Older adults and fall prevention

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Wally Pearce Winters Elder Day Council Monday, Sept. 23 is National Falls Prevention Awareness Day, sponsored by the National Council on Aging (NCOA). It’s estimated that one in five older adults fall each year and are the number one cause of injury, hospital visits due to trauma, and death from an injury among people age 65-years of age and older. Still, research has shown that many fall risks can easily be reduced and even prevented. Yet, while falls are the leading cause of fatal and nonfatal injuries for older adults 65 years of age and older, they are not a predictable part of aging. There are many different factors that can increase the risk of falling. These include but are not limited to:

  • Past falls
  • Hazards in the home and community
  • Problems walking
  • Balance problems
  • Weakness
  • Improper footwear
  • Chronic diseases
  • Multiple medications
  • Poor vision
  • Depression
  • Memory problems
  • Behaviors like rushing
Because there are many different factors that contribute to falls, there are also several different recommendations for reducing fall risks. These include:
  • Talking with a health professional — to identify and treat medical problems that could lead to falls.
  • Regular Physical Activity — plan to have regular physical activity.
  • Being Aware of Safety Hazards in the Home and — evaluating your resident to identify fall hazards and making proper changes for safety.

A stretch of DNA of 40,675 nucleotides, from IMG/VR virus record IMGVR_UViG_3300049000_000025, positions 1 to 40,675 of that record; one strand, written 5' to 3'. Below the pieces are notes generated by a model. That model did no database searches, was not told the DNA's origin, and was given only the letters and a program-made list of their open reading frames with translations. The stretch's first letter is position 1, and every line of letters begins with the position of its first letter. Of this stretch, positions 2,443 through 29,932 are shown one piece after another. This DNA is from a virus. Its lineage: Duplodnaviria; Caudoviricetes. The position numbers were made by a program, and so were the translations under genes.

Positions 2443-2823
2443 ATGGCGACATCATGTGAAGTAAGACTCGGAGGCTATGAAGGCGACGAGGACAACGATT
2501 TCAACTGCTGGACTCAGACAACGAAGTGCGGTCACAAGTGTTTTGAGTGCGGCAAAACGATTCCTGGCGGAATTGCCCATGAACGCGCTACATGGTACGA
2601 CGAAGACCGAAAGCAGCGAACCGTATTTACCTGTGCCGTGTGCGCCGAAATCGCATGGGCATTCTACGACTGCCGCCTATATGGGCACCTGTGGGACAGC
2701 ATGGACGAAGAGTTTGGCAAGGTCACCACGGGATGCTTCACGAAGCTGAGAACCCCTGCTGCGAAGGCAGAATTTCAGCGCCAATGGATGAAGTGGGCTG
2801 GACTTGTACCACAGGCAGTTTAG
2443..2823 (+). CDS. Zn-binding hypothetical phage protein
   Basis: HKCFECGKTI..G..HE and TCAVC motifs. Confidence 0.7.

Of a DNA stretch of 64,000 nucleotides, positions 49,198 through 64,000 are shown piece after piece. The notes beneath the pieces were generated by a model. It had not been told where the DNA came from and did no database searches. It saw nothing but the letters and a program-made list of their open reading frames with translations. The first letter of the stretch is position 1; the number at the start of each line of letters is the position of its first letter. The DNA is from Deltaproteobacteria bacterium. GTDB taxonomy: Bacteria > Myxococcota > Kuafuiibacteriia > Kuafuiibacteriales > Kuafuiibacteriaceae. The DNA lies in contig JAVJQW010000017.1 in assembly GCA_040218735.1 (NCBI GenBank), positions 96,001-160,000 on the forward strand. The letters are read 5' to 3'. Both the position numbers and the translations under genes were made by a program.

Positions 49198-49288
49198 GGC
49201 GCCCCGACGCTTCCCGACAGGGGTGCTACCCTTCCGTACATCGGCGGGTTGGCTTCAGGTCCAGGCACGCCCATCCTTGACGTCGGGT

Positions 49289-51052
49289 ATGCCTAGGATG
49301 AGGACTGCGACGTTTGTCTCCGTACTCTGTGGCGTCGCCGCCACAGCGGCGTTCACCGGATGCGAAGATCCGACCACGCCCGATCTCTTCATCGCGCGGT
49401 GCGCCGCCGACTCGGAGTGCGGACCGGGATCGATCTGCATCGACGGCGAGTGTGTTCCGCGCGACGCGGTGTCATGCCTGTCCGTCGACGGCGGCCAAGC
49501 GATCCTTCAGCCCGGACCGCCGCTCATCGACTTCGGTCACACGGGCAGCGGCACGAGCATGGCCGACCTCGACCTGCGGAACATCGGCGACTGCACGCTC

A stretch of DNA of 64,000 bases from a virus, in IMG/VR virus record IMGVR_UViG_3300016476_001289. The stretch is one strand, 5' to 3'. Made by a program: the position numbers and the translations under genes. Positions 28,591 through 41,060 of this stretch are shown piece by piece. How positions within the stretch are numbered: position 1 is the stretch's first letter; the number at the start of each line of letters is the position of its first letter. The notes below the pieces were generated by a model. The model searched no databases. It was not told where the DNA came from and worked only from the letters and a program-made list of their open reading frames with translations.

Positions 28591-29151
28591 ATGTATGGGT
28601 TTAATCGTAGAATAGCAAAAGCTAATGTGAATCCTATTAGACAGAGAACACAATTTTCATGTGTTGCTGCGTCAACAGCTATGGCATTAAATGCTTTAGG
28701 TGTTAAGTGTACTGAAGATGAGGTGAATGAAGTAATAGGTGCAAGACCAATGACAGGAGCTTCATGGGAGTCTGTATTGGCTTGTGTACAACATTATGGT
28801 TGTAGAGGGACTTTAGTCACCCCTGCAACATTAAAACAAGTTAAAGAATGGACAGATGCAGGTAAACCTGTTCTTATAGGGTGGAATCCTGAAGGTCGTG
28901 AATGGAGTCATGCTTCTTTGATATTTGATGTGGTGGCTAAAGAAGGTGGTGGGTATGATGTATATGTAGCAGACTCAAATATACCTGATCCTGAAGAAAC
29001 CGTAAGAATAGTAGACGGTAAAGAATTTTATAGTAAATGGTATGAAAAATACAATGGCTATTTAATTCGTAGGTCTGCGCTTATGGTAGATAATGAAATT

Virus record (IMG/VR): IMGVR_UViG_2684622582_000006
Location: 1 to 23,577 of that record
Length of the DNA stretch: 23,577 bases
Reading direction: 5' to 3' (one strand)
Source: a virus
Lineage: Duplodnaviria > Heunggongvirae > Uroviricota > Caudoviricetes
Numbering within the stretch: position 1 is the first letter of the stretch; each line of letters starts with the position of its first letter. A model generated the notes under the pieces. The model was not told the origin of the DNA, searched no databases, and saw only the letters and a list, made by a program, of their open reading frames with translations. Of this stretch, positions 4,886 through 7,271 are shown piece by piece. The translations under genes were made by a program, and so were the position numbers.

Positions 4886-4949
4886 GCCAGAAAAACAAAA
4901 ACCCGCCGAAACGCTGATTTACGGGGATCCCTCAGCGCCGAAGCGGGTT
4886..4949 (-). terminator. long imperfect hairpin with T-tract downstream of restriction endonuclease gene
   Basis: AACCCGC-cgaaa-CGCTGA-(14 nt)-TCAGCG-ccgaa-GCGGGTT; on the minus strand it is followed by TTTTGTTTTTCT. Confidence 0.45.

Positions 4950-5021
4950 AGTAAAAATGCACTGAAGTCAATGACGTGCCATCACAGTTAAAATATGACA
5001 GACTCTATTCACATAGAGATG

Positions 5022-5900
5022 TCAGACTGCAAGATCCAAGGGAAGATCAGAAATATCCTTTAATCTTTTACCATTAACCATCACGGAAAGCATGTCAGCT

Those that think Fall Prevention is not important or does not apply to you…think again. The California Department of Public Health reports that in 2013 older adults’ age 65-years of age and older residing Northern California counties sustained over 15,000 avoidable falls, resulting in 11,588 emergency room visits, 3,630 hospital stays and 117 deaths. And the numbers are rising.  Most recently, Yolo County saw a 44 percent increase in emergency room visits for falls between 2006 and 2015 for residents over the age of 65, according to the Yolo Health Council. And while most falls don’t result in serious injury, one in five does, including broken bones and head injuries and occasionally both at the same time. The Winters Elder Day Council continues to serve the City of Winters community as one of its resources for each one of our elder adults living in the community, including their families, and friends, focused on raising awareness about decisive important elder adult issues.   ]]>

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